Brazil’s Karim Aïnouz, whose “Futuro Beach” competed at 2014’s Berlin, will make his English-language debut and first action film with “Neon River,” a love-story-come-thriller set in Tokyo’s underworld and produced by Gullane, whose credits include “The Second Mother,” which won Berlin’s Panorama Audience Award and Sundance’s World Cinema best actress award in 2015.
Budget will come in as high as $5 million-$10 million, said producer Fabiano Gullane – way above Brazil’s average. Adapted by Aïnouz and the U.K. writer Toby Finlay, from Marco Lacerda’s “Favela High-Tech,” “Neon River” marks another celebrated Latin American auteur’s move towards the mainstream.
It narrates in a near-future Tokyo the wild love affair between Dirka, a Japanese-Brazilian girl who works as a nightclub hostess to pay for her ailing Japanese father’s debts, and Vadim, a young Russian drug delivery driver. Dirka yearns to return to the vaguely remembered Brazil of her youth. Vadim is sunk by remorse at having got his brother killed back in Russia.
Now at second-draft screenplay, said Aïnouz, and an adventure film set mostly at night, “pulsating with sexual tension,” “Neon River” is scheduled to shoot first half 2017, per Gullane.
“Neon River” also turns on “ a crucial question of our time – displacement, the so-called children of the 4th World: Daughters and sons of first generation immigrants who dream of their motherland but are drowned in their new country,” Aïnouz observed.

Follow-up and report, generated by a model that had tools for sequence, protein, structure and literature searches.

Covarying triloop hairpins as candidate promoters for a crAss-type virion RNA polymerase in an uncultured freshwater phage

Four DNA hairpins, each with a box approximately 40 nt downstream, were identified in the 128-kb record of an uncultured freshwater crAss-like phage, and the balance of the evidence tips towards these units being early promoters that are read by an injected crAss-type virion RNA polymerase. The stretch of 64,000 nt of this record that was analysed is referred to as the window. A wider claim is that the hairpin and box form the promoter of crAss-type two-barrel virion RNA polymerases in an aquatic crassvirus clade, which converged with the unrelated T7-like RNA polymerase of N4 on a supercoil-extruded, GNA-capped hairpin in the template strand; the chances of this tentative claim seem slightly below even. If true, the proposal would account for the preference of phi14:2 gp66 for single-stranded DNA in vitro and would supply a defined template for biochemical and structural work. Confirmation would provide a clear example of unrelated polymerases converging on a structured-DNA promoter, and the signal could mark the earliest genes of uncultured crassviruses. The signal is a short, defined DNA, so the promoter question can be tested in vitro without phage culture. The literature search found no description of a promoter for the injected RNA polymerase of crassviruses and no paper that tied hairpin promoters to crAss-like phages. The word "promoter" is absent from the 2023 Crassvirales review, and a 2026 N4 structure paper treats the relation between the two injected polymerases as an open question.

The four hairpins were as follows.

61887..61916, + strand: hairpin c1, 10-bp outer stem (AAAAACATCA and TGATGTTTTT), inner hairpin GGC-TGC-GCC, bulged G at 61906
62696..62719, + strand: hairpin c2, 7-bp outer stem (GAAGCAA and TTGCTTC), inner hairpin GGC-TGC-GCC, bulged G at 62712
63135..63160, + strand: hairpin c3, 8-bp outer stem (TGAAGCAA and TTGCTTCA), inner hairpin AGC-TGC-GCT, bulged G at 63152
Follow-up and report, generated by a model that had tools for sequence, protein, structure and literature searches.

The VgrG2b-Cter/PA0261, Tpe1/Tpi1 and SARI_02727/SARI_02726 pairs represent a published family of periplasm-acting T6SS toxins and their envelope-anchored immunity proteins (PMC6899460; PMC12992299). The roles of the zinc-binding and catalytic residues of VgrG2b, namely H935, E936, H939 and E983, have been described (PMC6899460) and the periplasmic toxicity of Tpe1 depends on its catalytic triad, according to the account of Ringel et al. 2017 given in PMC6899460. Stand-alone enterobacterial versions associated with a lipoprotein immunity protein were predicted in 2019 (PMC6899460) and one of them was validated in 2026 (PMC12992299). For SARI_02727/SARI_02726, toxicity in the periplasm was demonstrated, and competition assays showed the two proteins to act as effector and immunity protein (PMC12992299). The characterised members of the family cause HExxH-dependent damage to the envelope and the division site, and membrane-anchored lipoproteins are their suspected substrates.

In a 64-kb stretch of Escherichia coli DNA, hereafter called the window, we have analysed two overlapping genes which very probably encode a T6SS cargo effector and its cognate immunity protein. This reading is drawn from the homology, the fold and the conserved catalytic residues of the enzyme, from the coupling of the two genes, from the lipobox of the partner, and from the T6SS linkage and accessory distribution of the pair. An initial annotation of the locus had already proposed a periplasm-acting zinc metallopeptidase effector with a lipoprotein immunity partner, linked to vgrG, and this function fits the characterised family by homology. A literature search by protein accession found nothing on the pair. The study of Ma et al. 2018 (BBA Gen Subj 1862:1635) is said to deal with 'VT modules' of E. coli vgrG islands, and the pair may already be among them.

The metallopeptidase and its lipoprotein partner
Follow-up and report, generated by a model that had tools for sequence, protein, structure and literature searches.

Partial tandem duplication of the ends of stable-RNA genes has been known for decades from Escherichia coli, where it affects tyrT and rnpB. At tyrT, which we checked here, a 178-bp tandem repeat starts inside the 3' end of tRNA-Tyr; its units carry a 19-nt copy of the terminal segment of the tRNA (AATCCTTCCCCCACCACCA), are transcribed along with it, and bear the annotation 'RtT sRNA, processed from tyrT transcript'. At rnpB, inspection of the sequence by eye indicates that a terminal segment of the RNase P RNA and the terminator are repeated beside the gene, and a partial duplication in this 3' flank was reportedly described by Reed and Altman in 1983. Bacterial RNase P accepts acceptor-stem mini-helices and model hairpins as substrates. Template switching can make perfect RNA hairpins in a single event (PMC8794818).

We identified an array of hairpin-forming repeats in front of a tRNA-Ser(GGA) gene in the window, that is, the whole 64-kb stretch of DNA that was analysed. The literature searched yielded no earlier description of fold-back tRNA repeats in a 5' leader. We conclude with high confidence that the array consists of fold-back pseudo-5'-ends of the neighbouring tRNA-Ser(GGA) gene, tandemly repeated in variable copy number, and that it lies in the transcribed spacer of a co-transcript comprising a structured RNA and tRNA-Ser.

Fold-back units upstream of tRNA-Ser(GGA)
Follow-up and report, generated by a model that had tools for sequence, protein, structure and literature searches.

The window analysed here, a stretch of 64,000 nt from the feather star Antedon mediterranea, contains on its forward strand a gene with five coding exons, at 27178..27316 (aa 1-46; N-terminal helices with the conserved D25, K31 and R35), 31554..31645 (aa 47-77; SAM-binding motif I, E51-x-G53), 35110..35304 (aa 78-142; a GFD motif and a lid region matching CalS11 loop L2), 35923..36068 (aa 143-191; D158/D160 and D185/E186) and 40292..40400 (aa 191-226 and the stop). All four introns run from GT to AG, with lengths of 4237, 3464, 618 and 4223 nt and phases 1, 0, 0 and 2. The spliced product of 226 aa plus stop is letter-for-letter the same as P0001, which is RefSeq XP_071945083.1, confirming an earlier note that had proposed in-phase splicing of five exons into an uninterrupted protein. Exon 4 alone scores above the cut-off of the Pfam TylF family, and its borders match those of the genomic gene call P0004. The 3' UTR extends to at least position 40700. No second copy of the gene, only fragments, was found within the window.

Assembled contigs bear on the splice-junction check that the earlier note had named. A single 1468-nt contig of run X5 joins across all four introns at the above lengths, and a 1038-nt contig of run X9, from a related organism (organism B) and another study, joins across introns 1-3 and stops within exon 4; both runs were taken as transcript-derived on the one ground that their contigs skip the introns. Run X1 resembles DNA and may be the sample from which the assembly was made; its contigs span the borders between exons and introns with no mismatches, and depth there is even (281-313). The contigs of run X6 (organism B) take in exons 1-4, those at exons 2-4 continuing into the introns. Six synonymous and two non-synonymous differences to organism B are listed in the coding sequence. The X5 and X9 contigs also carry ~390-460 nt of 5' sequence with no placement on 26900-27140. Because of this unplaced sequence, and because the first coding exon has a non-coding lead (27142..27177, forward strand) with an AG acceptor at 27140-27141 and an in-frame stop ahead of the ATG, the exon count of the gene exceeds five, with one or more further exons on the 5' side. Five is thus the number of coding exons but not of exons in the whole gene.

Movie also marks another example of auteur genre. “I’m very interested in genre codes, resonating with a young generation: Film is after all, pop culture,” he added.
How to make something which is original and yet accessible is “a real issue for me,” Ainouz said.
In Brazil, “We that don’t come from an action cinema tradition,” said Ainouz. His challenge was “to embrace genre and create something which is singular and not a copy of a traditionally-made action film.”
A matching company at Berlin’s co-production market, Gullane produced Venice closer “Amazon,” Annecy Animation Fest winner “Rio 2096,” “Narcos” director Fernando Coimbra’s standout debut “A Wolf at the Door,” and Brazilian cinema’s biggest domestic hits in 2012, 2014 and 2015, all installments in “Till Luck Do Us Part” movie franchise.
With movies such as “The Second Mother,” Gullane is targeting not only Brazil but the global theatrical market. “Neon River” is “definitely one of the most ambitious projects of this new phase of Gullane,” said Fabiano Gullane.